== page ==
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Plastic Lounge: A Day of Material Exploration and Exchange

Brittle, soft, cheap, malleable, colourful, durable, sexy, playful, fun: plastic can be many different things to different people. This wealth of meanings, physical properties and applications were explored in Plastic Lounge, a one-day exhibition and lecture series for Fashion and Textiles students in the Senior Common Room of the RCA.

Organised by Flora McLean, Senior Tutor in Footwear, Accessories and Millinery, the event brought together visiting lecturers and RCA graduates to share their investigations into the potential of plastic across fashion and textiles. ‘The word plastic can be used loosely and is open to interpretation. It refers to the material but it’s also about being mouldable, things that can be transformed. Today was a chance to bring the School of Material together; in particular making links between Fashion and Textiles students,’ explained Flora. ‘The talks were about making, moulding, fixing; the processes that you go through when working, researching and thinking through a certain material.’

The event opened with a talk from Pandemonia, the fictional character created and performed by an anonymous London-based artist. Inspired by celebrity culture, social media and the semiotics of advertising, Pademonia is an alter ego, a second plastic skin. Every element is handmade, including items of clothing, inflatable sculpted hair and pet dog. Pandemonia has become known worldwide, with appearances on the front row of catwalks, fashion shoots, music videos and in the celebrity magazines she set out to critique. Discussing her choice of material Pandemonia explained an interest in the fluid nature of rubber and its association with sexuality: ‘it represents nature within ourselves that can’t be controlled’. 

Throughout the day international industry professionals shared insights into various applications and uses of materials. French designer Florence Druart cited Galliano’s 2003 collection for Dior as sparking her initial desire to work with latex. She outlined how over the last ten years latex clothing has migrated from fetish clubs to couture. With House of Harlot, Druart has created garments for Marc Jacobs, Oscar de la Renta, Balenciaga, and Comme des Garçons. Her presentation discussed working methods, including experimentations in dye and print and ways to create volume with a material that is fundamentally flat and associated with a skin-tight aesthetic. 

Other guest speakers included milliner Carole Maher, who discussed her technique of combining thermo plastics with leather to create more resilient hats. Hamlyn Terry from Gabriella Ingram talked through the practicalities of working with moulded silicon and rubber to create Ingram’s cabinet of curiosities inspired bags. In addition to their presentations both Maher and Druart ran practical workshops to share specialist techniques with students.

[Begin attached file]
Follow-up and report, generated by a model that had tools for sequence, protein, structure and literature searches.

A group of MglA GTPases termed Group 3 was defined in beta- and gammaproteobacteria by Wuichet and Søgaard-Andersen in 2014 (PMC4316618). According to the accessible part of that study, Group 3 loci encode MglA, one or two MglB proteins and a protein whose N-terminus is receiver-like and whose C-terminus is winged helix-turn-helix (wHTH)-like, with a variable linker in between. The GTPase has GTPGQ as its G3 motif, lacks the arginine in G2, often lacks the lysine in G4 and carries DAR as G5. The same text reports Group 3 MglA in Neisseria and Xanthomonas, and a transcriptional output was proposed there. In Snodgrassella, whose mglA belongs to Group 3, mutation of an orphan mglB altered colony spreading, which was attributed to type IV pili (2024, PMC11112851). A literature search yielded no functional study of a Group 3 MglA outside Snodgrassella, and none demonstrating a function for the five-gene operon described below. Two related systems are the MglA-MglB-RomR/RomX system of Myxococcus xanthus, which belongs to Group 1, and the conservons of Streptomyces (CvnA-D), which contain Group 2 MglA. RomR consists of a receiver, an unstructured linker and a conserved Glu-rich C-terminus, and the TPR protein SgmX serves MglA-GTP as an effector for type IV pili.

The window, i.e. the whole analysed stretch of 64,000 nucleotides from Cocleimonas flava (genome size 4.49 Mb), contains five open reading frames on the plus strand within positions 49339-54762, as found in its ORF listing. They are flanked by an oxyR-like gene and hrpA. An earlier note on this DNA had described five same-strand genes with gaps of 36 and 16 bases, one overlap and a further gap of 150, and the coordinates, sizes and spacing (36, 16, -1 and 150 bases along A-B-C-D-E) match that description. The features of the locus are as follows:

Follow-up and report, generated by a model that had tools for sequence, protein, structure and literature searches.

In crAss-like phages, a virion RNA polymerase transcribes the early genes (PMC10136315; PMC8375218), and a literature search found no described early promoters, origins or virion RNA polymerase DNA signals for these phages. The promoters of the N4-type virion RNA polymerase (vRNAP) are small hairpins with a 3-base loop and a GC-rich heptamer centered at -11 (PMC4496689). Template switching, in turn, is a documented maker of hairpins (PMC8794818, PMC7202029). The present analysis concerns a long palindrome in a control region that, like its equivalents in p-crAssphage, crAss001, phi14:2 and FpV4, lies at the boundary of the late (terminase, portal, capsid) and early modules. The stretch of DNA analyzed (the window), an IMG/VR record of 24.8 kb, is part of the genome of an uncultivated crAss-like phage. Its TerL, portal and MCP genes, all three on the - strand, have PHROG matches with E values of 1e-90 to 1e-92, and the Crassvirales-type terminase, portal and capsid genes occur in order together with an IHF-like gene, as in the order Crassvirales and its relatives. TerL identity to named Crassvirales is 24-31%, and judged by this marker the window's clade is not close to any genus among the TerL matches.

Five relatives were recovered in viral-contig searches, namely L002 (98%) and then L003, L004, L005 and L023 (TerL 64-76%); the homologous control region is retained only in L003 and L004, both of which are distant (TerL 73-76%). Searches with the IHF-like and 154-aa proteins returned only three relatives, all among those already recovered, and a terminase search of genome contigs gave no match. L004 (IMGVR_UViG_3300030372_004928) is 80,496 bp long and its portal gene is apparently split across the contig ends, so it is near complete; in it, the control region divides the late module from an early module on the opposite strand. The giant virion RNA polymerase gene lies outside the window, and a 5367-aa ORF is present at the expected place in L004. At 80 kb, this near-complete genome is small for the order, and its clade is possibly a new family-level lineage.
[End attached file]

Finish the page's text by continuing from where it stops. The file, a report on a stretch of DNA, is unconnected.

Several RCA graduates presented their work including Timothy Bouyez-Forge, who graduated from Fashion Womenswear this year. Bouyez-Forge gave a presentation discussing the inspiration behind his final RCA collection, describing it as an amalgamation of ideas, bringing together references to post humanism, JG Ballard’s Crash and the machine aesthetic.

Footwear graduate Chau Har Lee described how her time at the RCA allowed her to experiment. For her final collection she worked with a range of techniques from 3D printing to creating laser-cut Perspex "flat-pack" shoes. Her designs explore the strength and durability of plastic, as well as its versatility. Through combining traditional and more experimental materials, her shoes are sculptural objects that explore the relationship between function and aesthetic.

The Plastic Lounge event launched this year’s 100% Optical eyewear competition, an annual competition open to students from across the School of Material. Last year’s winner and MA Textiles graduate Jen Cheema, gave a presentation on her use of resin in her eyewear designs. She explained the importance of learning the processes involved in casting resin in order to experiment with, and push the capabilities of the material.

Many of the speakers exhibited examples of garments and accessories in the Senior Common Room. This included garments by current Fashion Womenswear student Louis Alderson-Bythell who presented his unconventional and innovative approaches to working with hybrid cloths such as silica, carbon fibre and Vermiculite.


Find out more about Fashion Menswear, Fashion Womenswear and Textiles, including how to Apply.